6047 Silsby Hall
Hanover, NH 03755
kirk.m.endicott at dartmouth.edu
I continue to be fascinated by hunting and gathering peoples. I am currently studying how some, but not all, hunting and gathering societies maintain egalitarian social relations, in some cases even between the sexes. My wife Karen and I have recently finished a book focusing on gender roles and relations among the Batek hunter-gatherers of Malaysia, a people we have studied intermittently since 1971 (see below). The Batek appear to be one of the most gender egalitarian societies in the world. I also maintain both my scholarly and humanitarian interest in questions concerning the human rights of indigenous peoples who are disrupted by economic development and nation building. In August 2001 and 2004 I was able to briefly visit Orang Asli (Malaysian Aboriginal) and Iban settlements that have been displaced by logging and dam, road, and airport construction. I continue to work with the Center for Orang Asli Concerns in Malaysia on matters concerning the welfare of Orang Asli . A few years ago my colleague Rob Welsch and I edited a reader on controversies in anthropology, Taking Sides: Clashing Views on Controversial Issues in Anthropology (Dushkin/McGraw-Hill). This was an interesting departure from my usual academic work. We have now completed a fourth edition of this reader and a second edition of a companion volume on cultural anthropology alone, Taking Sides: Clashing Views on Controversial Issues in Cultural Anthropology. We have enjoyed working with a series of outstanding Dartmouth undergraduates who have served as research assistants on this project.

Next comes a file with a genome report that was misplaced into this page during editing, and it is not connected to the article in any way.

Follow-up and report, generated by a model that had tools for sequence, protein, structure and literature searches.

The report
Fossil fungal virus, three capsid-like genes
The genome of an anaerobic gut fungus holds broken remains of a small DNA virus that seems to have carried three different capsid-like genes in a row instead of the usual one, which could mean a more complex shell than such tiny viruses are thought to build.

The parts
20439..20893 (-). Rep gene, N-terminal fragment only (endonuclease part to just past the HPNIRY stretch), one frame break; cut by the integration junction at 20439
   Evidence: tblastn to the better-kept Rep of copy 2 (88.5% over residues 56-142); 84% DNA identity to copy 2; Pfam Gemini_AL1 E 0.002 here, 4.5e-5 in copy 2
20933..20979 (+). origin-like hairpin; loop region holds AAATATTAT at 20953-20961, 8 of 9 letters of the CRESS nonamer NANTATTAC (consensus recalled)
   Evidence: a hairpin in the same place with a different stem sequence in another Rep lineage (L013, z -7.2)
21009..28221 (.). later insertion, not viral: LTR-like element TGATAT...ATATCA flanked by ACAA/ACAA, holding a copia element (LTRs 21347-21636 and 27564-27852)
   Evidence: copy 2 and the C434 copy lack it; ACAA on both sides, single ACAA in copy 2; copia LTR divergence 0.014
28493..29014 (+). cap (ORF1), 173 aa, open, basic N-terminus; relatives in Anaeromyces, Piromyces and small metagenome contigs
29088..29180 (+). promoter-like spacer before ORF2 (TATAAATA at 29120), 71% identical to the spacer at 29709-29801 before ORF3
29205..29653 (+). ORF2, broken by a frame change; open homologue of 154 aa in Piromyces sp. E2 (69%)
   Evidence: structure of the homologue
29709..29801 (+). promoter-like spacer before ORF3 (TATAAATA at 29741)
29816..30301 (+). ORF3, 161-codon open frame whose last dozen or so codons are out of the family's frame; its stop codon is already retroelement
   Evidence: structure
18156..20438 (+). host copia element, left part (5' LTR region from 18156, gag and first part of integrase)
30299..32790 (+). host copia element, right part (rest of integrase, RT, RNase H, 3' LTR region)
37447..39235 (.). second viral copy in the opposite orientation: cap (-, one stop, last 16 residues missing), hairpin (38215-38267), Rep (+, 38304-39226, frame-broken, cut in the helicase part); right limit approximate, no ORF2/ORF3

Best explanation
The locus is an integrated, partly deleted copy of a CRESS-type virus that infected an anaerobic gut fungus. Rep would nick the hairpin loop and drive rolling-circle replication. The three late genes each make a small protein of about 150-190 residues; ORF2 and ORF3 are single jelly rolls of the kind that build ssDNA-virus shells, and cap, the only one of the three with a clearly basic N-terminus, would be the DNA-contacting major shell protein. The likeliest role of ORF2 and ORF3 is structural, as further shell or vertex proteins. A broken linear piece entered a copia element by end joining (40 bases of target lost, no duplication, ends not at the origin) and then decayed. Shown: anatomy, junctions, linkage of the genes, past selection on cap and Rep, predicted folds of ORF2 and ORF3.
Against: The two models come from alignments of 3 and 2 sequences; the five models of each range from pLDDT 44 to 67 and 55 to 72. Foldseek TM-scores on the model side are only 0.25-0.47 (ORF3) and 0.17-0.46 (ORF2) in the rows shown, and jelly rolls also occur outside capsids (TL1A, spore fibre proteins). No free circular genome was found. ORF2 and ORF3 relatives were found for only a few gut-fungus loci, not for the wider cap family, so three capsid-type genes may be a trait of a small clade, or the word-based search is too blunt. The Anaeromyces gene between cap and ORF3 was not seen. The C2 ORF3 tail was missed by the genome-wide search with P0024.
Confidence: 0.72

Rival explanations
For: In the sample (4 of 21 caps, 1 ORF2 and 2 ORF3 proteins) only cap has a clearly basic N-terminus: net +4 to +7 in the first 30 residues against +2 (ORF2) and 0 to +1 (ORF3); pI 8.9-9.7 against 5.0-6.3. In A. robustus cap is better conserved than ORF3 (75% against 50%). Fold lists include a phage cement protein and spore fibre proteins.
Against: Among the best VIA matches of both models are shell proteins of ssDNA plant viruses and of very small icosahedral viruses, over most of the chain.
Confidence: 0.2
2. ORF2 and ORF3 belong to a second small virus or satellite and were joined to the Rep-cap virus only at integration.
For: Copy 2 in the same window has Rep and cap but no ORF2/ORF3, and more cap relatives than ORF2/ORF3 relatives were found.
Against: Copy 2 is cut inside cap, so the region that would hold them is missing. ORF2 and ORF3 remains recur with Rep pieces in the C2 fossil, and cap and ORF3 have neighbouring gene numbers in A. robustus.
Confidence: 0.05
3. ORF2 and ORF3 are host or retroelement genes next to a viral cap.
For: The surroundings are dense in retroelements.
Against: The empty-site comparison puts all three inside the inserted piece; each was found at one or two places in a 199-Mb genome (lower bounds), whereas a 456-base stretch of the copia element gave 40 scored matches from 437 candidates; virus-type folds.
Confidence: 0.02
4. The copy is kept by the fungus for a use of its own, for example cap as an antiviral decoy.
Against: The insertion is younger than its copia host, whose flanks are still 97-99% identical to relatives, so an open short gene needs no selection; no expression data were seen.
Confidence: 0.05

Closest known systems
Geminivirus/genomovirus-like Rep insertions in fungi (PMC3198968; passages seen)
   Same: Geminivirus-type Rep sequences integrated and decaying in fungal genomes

I have recently revived my interest in Australian Aboriginal art.
Last Updated: 1/4/12